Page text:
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March 16, 2012 / beeandtrumpet

Modified Winter Squash Salad

Put Those Fronds to Use

As one of my fellow (t)radders is anti-knife-maintenence, I should start here with a warning: Kabocha squash cooking is not for everyone.  Do not attempt splitting a Kabocha into 1 ½” wedges, paring off the roasted skin, and cutting into bite-sized chunks unless you have significant knife skills and a well maintained knife.  Yikes, these guys are tough!

To give one hope regardless, I will say that this was the third time I made this recipe, and the first time I actually used the prescribed specialty squash (acorn squash was a lovely choice).  Kabocha IS especially appealing because (according to its Wikipedia entry), it should be aged one to three months to develop its starches, before eating, or the flavor will be very bland.  Great news for North-Easterners for whom nothing but rocks and sticks are ‘in season’ at this time of year.

Sexxy Kabocha: Oiled and Ready

This recipe is a slight variation on a Heidi Swanson recipe – I have omitted the alcohol to make it more child-friendly, and substituted fennel for celery.  I rarely buy celery these days. I find it easier to use up a fennel bulb; it works great in salads, mirepoix, for soups, grain, pasta, potato and egg salads, and braised it is great as a stand-alone vegetable side dish.  I hear that pickled on pizza, it will blow your mind, but I have yet to try it – feel free to send some over.

Roasted Winter Squash Salad


1 pound roasted winter squash*, skin removed, cut into 1” chunks

A heaping  1/2 cup fennel, diced

1/2 medium red onion, finely chopped

2 big handfuls toasted walnuts, chopped

1/4 cup dried currants, dried cranberries, or chopped dried figs

2/3 cup fresh unfiltered apple cider (uv sterilized if you can get it)

2 teaspoons Dijon mustard 
(whole grain preferred)

2 tablespoons cider vinegar

3 tablespoons olive oil

1 teaspoon honey or brown sugar

1/4 teaspoon Kosher salt


In your dressing-making vessel of choice, blitz the cider, mustard, vinegar, olive oil, honey, and salt. Taste, add salt if needed, and set aside.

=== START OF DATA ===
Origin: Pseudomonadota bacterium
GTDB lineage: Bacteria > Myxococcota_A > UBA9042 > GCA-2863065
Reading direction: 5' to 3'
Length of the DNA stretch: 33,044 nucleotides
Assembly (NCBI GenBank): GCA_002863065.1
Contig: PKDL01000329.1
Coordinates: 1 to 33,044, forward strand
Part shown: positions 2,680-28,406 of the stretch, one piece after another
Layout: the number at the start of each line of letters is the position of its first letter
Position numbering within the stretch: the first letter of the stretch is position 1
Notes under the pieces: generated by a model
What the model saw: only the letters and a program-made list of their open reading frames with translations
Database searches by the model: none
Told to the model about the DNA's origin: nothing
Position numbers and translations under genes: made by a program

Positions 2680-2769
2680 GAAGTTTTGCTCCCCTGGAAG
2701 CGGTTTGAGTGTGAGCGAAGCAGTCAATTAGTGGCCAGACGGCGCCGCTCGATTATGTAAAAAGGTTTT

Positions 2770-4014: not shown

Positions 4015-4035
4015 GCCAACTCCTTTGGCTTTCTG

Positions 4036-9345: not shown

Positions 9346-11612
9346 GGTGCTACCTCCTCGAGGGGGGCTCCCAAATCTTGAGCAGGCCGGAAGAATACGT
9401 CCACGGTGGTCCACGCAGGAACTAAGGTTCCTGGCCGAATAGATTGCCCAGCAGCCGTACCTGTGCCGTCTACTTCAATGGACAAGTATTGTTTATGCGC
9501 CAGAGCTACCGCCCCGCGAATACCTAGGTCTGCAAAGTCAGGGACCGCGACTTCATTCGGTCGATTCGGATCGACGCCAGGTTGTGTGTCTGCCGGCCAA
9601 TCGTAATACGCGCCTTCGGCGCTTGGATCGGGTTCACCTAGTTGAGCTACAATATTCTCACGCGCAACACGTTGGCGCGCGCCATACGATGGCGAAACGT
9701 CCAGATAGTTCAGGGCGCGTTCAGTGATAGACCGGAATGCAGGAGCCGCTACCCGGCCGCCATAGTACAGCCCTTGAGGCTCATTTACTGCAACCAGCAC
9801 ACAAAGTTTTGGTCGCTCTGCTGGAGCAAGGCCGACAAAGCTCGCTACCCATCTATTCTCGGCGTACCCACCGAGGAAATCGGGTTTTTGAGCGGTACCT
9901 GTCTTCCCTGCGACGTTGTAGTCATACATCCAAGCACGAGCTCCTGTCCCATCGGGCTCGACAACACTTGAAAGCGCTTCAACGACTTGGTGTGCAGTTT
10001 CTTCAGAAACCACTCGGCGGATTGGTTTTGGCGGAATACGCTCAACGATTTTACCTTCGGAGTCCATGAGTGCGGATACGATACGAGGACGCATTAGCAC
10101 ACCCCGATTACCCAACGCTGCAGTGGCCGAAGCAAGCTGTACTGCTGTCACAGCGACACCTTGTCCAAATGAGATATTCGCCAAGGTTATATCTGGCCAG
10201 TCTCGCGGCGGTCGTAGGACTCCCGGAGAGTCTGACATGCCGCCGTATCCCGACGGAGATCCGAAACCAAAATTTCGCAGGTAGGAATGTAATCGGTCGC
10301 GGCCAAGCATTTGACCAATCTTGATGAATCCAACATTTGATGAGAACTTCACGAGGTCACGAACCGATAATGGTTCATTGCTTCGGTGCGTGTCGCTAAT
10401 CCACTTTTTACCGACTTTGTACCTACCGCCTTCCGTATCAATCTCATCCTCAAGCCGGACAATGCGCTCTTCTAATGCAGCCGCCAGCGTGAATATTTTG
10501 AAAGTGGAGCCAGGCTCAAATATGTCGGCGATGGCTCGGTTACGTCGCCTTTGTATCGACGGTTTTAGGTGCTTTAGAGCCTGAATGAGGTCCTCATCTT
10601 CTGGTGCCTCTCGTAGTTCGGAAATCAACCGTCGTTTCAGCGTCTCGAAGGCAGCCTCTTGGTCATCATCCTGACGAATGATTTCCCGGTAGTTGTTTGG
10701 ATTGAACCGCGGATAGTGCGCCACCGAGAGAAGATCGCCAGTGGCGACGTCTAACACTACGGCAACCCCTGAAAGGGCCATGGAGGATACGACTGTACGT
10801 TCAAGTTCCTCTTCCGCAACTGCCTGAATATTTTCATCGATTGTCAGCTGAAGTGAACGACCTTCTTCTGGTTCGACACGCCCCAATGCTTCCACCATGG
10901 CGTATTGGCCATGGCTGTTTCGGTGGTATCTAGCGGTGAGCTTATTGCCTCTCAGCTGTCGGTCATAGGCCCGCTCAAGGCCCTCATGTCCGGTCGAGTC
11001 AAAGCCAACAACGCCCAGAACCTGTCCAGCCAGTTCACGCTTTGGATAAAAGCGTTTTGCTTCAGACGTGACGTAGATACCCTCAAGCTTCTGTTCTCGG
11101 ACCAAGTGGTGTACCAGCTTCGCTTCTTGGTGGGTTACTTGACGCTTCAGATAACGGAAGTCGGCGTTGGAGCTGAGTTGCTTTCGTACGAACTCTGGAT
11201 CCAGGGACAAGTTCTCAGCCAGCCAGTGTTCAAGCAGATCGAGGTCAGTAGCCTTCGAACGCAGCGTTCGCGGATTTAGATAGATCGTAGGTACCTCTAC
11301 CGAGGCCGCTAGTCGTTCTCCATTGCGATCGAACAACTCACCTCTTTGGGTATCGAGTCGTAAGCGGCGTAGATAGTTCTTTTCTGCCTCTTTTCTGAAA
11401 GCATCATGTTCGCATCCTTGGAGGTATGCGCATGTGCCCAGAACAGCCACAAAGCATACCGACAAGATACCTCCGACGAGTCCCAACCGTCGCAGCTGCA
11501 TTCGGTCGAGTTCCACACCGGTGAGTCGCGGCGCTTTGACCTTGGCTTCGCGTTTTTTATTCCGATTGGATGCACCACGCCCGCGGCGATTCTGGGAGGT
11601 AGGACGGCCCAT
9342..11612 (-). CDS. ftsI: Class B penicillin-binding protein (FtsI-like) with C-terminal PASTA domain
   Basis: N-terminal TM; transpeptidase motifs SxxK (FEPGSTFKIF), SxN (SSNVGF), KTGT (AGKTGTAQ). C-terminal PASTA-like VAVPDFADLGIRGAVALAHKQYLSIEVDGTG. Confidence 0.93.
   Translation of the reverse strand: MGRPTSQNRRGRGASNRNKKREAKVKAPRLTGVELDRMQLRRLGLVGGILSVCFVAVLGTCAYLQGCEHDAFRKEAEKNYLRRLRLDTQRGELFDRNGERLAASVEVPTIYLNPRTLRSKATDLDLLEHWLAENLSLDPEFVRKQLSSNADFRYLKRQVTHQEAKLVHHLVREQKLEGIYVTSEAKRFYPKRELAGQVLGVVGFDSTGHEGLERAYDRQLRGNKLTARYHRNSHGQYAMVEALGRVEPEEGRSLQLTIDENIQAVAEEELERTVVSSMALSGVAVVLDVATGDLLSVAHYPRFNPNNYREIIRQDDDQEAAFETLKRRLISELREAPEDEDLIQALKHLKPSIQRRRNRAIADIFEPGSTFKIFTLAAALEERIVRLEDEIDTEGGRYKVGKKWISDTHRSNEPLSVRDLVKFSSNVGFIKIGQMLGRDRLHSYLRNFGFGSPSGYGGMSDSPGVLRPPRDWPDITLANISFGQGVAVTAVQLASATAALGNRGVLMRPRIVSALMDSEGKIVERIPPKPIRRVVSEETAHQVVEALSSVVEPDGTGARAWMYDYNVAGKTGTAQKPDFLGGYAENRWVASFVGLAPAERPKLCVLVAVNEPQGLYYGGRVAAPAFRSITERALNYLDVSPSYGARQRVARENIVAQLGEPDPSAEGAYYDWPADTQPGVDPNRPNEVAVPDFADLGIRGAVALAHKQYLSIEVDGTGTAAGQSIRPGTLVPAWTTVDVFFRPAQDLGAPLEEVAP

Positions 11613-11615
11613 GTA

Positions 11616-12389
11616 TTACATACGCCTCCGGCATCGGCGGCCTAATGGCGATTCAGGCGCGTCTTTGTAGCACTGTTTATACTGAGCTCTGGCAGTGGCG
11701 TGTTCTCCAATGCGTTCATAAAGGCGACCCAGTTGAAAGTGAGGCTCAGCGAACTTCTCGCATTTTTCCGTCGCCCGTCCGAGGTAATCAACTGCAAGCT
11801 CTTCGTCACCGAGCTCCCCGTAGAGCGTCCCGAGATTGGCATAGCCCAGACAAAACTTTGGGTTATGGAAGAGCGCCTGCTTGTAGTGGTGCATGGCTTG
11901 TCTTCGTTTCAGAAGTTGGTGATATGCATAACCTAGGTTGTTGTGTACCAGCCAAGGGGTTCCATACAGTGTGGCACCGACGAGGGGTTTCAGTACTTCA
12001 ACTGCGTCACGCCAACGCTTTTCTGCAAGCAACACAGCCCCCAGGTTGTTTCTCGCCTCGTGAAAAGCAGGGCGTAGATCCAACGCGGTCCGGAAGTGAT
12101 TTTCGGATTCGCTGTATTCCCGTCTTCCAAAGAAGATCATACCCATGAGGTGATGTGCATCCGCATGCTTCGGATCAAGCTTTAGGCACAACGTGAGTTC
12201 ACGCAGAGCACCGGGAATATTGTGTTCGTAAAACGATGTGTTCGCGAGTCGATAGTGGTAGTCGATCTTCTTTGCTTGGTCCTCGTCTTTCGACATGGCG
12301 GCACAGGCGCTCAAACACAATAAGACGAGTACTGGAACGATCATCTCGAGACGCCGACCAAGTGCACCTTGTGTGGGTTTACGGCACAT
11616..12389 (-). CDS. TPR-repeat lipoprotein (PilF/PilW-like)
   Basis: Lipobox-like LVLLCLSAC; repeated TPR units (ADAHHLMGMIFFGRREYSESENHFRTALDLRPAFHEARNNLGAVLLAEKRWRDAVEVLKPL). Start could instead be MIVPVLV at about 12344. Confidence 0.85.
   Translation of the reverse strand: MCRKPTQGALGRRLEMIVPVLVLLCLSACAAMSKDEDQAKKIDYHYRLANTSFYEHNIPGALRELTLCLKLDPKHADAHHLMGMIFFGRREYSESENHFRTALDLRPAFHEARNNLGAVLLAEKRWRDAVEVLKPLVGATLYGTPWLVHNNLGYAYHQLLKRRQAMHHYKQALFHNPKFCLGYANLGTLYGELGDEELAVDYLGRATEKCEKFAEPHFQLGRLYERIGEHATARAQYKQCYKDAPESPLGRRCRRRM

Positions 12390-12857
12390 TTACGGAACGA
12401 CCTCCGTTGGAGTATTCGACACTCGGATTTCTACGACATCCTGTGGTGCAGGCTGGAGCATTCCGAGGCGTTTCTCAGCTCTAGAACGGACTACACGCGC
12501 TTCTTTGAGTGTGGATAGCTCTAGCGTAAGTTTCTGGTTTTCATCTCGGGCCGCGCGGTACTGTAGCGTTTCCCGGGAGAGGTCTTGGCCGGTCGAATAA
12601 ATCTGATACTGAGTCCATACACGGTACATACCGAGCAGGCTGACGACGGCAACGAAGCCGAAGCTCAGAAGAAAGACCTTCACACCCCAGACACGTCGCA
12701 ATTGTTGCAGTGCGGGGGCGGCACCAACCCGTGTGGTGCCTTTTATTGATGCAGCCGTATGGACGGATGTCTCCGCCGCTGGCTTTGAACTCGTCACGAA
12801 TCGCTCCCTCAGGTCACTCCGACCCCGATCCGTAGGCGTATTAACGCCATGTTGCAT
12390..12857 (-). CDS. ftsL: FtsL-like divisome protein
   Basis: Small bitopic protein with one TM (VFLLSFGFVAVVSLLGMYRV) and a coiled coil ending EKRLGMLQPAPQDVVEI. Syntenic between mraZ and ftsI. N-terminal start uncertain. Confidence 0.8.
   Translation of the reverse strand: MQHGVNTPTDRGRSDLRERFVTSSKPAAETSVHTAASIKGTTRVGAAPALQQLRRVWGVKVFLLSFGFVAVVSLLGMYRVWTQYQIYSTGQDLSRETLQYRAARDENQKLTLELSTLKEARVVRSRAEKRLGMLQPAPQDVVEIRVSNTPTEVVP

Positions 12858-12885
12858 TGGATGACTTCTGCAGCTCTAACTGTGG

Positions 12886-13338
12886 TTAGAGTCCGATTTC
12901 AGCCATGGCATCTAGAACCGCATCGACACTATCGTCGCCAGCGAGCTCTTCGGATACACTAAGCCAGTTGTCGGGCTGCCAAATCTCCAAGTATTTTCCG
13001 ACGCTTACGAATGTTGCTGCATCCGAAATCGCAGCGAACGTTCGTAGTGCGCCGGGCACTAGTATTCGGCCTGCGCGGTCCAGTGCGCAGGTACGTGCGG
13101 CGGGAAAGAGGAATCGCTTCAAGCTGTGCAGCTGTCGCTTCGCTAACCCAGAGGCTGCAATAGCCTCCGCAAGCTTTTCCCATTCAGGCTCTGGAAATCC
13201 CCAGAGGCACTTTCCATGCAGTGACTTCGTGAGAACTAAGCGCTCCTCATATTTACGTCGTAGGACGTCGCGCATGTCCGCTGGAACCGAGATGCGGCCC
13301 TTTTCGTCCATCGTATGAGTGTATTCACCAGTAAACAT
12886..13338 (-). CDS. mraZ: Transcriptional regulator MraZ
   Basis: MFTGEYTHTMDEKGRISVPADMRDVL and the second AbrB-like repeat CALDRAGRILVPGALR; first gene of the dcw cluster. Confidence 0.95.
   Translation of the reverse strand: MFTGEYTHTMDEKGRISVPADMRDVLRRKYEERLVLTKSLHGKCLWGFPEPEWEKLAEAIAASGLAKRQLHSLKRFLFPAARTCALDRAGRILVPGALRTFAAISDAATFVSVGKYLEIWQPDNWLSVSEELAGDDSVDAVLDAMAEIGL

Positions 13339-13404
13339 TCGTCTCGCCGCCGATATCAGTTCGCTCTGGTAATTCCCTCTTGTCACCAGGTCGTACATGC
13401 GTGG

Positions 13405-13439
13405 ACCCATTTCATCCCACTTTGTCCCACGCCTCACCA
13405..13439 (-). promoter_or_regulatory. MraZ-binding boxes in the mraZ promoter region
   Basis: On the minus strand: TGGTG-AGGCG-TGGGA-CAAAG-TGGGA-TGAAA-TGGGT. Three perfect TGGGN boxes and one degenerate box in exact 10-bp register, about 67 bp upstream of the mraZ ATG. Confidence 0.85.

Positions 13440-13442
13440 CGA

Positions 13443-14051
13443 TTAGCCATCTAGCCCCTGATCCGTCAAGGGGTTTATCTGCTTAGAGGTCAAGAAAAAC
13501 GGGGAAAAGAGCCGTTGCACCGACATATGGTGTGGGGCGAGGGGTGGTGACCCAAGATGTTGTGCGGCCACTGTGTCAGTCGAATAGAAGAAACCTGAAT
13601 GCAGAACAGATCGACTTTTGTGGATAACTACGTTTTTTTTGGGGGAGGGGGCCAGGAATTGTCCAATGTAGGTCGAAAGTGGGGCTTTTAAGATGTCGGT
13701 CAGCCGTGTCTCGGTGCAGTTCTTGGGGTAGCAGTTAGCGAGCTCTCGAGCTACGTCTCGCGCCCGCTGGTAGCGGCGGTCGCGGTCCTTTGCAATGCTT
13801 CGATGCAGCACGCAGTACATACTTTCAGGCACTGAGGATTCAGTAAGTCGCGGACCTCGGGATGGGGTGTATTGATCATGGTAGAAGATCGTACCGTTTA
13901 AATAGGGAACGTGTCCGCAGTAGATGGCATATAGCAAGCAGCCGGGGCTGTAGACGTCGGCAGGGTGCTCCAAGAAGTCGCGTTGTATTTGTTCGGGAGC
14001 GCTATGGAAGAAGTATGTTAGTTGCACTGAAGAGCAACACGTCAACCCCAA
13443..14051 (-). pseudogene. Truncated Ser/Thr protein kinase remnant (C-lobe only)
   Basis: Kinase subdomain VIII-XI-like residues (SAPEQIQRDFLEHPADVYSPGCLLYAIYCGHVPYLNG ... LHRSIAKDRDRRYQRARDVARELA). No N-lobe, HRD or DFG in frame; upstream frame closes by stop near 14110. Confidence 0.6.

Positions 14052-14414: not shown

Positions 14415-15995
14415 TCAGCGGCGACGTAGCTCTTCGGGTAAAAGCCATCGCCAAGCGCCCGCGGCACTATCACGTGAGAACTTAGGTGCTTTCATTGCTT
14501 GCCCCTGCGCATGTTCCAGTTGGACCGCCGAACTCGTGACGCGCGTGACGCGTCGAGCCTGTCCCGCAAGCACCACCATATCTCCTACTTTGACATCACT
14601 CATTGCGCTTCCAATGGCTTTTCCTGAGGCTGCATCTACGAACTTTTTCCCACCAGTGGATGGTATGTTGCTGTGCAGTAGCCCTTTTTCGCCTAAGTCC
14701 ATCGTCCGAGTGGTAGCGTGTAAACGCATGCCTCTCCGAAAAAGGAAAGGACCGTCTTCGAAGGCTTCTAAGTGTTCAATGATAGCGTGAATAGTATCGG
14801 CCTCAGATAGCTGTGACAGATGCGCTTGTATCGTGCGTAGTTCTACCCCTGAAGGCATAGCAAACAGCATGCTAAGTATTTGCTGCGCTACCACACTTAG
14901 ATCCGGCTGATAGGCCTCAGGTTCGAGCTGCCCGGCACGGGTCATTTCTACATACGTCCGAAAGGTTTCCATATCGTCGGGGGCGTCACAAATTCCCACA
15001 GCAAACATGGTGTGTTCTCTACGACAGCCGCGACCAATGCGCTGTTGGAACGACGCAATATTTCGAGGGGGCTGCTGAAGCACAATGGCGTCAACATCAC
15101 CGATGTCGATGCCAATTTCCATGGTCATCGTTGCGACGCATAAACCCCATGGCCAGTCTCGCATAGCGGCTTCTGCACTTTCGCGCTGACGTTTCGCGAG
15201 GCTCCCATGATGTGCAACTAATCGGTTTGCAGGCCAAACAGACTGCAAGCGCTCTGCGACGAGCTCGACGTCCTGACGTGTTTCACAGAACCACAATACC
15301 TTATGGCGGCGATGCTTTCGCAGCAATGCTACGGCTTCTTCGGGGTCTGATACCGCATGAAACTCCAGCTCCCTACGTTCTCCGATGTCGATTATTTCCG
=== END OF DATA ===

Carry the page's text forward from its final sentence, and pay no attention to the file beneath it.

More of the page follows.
Toss the pared, roasted squash in a large bowl with about a third of the dressing. Let it sit for a minute or two, add more dressing, the fennel, red onions, walnuts, and dried fruit. Toss again. The squash will really drink up the dressing so don’t hold back. Let the mix sit at least 10 minutes before serving.

*Toss 1 1/2 inch thick slabs of (de-seeded) squash with a generous drizzling of olive oil, salt, fresh ground pepper, and 1 teaspoon chopped rosemary in the top third of a 425F oven until completely tender, about 15-20 minutes. Remove and let sit until cool enough to handle. For this recipe, slice into 1” chunks, leaving the skin behind.



Leave a Comment
  1. lanceblair / Mar 16 2012 4:13 pm

    This looks and sounds wonderful…3-for-3 with the great recipes! I look forward to trying them all. Looks gorgeous along with the turquoise presentation.

  2. ivalleria / Mar 18 2012 12:01 am

    Yes. Rocks and sticks are appealing eating only to a one-year-old. Did you try it three times to stubbornly get it right, or just you like it that much?

  3. threefresheggs / Mar 18 2012 12:08 am

    Liked it that much, and I happened to stumble across an actual kabocha. Third time, by the way, was not a charm. Used cranberries of questionable quality (on sale this week at Fairway $3.99/lb) and made the whole thing too sweet. Note to hopefuls.

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